23A19: Exam Report

Describe factors that prolong the action of neuromuscular blocking agents (60% of Marks) Outline the pharmacokinetics and pharmacodynamics of vecuronium (40% of Marks)

63% of candidates passed this question.

The first part of the question required a description of the factors prolonging neuromuscular blockade which would include a description of the reasoning behind the prolongation.

Many candidates missed the important factors and most did not include any explanation. Some candidates confused the causes of “delayed onset” and “prolonged action”. For vecuronium mechanism of action all the details were expected, superficial explanations did not score well.

The following key words were expected to be included in the mechanism description; competitive binding/ Nicotinic ACH (N2)/alpha subunit/post synaptic.

In pharmacokinetics, details on hepatic metabolism to active metabolites, renal and biliary excretion along with accurate values of the volume of distribution, protein binding and half-life were expected to score full marks. These facts were frequently lacking in candidate answers.

L2i / 23A19: Describe factors that prolong the action of neuromuscular blocking agents (60% of Marks) Outline the pharmacokinetics and pharmacodynamics of vecuronium (40% of Marks)


Plasma Cholinesterase Deficiency

  • Synthesised in liver
  • Present in plasma, liver, brain, kidney, intestine & pancreas
  • Does not have significant [] in NMJ
  • When Suxamethonium (SUX) is metabolised by Plasma in plasma, its blockade is terminated by the diffusion away from NMJ into ECF
  • Altered levels of plasma cholinesterase significantly prolong the action of SUX
  • Other drugs metabolised by Plasma Cholinesterase that will compete for the enzyme and prolong the effect of SUX include
    • Mivacurium
    • Ester Las
    • Metoclopramide
  • Liver Disease: Plasma cholinesterase levels must by <75% for prolonged SUX effect, therefore hepatic dysfunction severe to reduce levels
  • Pregnancy: associated with reduced plasma cholinesterase levels but does not result in prolonged paralysis due to the increase Vd at term
  • Genetically reduced enzyme function of Plasma Cholinesterase

Phase II Blockade

  • Phase I blockade is due to the slow hydrolysis of SUX (cf ACh).  There is a sustained opening of the receptor ion channels and the end plate remains permeable to Na & K, resulting in sustained depolarisation of postjunctional membrane
  • The depolarised endplate cannot respond to subsequent ACh release and further nerve stimuli are totally ineffective so a depolarising neuromuscular blocked occurs
  • In Phase II blockadel a single large dose (>2mg/kg), repeated doses or infusions of suxamethonium result in post junctional membranes that do not respond normally to ACh even when they have been repolarised (mechanism unknown)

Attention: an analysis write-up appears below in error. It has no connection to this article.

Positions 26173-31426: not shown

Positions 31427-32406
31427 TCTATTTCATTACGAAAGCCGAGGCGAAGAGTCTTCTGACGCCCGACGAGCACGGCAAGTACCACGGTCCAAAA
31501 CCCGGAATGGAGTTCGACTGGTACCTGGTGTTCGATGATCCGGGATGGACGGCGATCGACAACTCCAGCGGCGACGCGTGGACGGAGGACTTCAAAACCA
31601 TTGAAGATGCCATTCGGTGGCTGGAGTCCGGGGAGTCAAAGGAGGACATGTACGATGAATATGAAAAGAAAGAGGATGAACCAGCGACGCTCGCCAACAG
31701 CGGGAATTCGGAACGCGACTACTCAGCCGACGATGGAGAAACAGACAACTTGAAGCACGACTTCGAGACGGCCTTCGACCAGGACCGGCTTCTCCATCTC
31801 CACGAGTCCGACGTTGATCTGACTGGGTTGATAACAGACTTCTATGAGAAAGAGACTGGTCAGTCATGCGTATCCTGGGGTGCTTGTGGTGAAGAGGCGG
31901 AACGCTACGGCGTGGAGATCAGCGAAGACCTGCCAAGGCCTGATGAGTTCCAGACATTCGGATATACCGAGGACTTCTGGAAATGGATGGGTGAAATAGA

• Neonates & Myasthenia Gravis pts at high risk of developing Ph II blocks

AMINOSTEROIDS: Determined by peripheral redistribution

Hepatic Disease

  • Vecuronium: increased duration of action due to reduced clearance (deacetylation/biliary excretion)

  • Atracurium / Cisatracurium: no effect

  • Mivacurium: may accumulate in end stage liver disease due to reduced levels of Plasma Cholinesterase

Renal Disease

  • Vecuronium / Rocuronium: modest accumulation and prolongation of block

  • Atracurium, Cisatracurium, Mivacurium: no effect


  • Increases NMJ sensitivity to pancuronium

  • Prolongs duration of neuromuscular blockade for Vecuronium/Pancuronium due to slowing down of hepatic enxyme activity

  • Reduces Hofmann elimination and prolongs Atracurium duration of action


  • Immature hepatic enzymes, reduced biliary clearance


  • Reduced hepatic/renal blood flow and resultant enzyme activity/plasma clearance

NB: Be aware of multiple drug interactions that can potentiate neuromuscular blockade.  These have not been included as the question specifically asks for prolonging duration of action.





  • Competitive antagonism of pre & post junctional nAChR

  • Binding to one/both the a-subunits prevents access by ACh to depolarise the receptor

  • Therefore prevents depolarisation

Onset & Duration

  • Onset 3-5mins

  • Duration 20-35% (until 25% twitch)


  • Does not alter intra-ocular pressure


  • Does not release histamine therefore devoid of circulatory effects

Variability Of Responses


  • Onset quicker (high CO)

  • Duration longer (immature enzymes, reduced biliary clearance)


  • Longer duration (reduced renal & hepatic BF and enzyme activity)

Renal Dysfunction

  • Prolonged t1/2b due to reduced plasma clearance

Hepatic Dysfunction

  • Prolongs t1/2b and longer duration of action



  • IM/IV


  • Vd 250ml/kg

  • Higher lipid solubilty facilitates uptake into hepatocytes

  • PPB 60-90%


  • T1/2b 50mins

  • 40% Hepatic deacetylation to an active but reduced potency metabolites


  • Vd 250ml/kg

  • Higher lipid solubilty facilitates uptake into hepatocytes

  • PPB 60-90%Biliary excretion is the major route of elimination

  • 30% excreted unchanged in urine and as metabolites